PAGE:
The field of social research has come a long way from the days when researchers sought pure measures and simple designs. The norm today is multiple measures, elaborate multimethod designs, and analysis strategies that acknowledge the complexities of the social world. A key element in the multimethod approach is the multitrait multimethod matrix (hereafter referred to as the MTMM). The MTMM was introduced by Campbell and Fiske in 1959 as an effective method for evaluating construct validity. It organizes evidence of convergent and discriminant validity into one matrix that can be used to compare the correlations of different measurements in a study.
In a typical MTMM, the X – Y axes represent measures mt-mm of the same trait or concept, while the diagonals represent measures that are not related to each other either because they measure different traits or because they use different methods. The correlations along the diagonals, called monotrait-heteromethod correlations, provide data about convergent validity. These should be relatively large, indicating that the measures do a good job of measuring the same thing. The correlations across the diagonal, however, should not be very high or they may indicate a problem with the measurement. These are called heterotrait-monomethod correlations and are usually expected to be very low.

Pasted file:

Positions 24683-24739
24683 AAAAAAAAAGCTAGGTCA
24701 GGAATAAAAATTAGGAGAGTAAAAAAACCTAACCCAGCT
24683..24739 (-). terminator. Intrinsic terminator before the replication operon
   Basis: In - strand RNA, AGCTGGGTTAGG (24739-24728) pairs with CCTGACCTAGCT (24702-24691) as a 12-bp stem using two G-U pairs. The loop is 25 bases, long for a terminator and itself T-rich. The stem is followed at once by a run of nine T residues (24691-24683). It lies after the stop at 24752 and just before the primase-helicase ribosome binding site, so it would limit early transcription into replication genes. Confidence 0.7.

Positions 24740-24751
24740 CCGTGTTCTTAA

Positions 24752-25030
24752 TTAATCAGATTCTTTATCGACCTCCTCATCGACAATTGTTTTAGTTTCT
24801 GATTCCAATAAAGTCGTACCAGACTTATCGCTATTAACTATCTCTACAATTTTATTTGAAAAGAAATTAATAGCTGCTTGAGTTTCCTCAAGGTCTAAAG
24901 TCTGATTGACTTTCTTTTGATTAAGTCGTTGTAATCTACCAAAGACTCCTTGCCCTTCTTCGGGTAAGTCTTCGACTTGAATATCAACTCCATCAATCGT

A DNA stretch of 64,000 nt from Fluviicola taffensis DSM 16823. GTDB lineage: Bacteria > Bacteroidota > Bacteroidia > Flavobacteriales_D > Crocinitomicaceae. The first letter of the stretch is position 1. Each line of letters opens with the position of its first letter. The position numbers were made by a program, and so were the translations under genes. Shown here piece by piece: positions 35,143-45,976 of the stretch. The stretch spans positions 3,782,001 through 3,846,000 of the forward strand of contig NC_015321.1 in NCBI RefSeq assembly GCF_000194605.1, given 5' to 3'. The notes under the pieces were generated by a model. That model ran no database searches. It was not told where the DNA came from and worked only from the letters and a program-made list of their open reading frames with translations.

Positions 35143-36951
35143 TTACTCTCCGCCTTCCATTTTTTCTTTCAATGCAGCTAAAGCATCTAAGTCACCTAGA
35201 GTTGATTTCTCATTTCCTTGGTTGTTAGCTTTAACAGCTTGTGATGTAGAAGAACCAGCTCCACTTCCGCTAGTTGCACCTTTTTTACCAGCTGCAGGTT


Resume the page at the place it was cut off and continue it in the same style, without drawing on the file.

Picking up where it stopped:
A typical MTMM also includes rows of correlations between different measures that share both the same trait and the same method, called homogeneous correlations. These are supposed to be moderate and unbiased, meaning that the differences in results between the measures are due to the same factors and that any bias in the results is equalized across the methods. These are the rows of correlations in the MTMM matrix that are shown in the figure below.
As more and more research in the social sciences takes a multimethod approach, it becomes necessary to develop new statistical techniques for analyzing these data sets. A new statistic has emerged in recent years that is especially useful in the multitrait multimethod matrix. This is the structural model and it allows for a more sophisticated evaluation of multitrait-multimethod data than the simpler models such as correlational analyses. It can be used to estimate the level of convergent and discriminant validity as well as to detect method variance, or halo effects. The MTMM has proved to be a very useful tool in validating a number of measurement instruments in the field of social work, including measures of criminality, prostitution, and drug activity collected by resident surveys, systematic social observations, and police calls for service. In addition, the MTMM can be applied to other types of measurement data, such as those collected from archival records. In the future, the MTMM will likely be an essential part of the multimethod approach in many areas of social work research. This will require the development of new methods for assessing construct validity, as well as new analysis approaches that can take advantage of these new statistics. The current generation of multitrait-multimethod studies is just beginning to be analyzed using these new tools.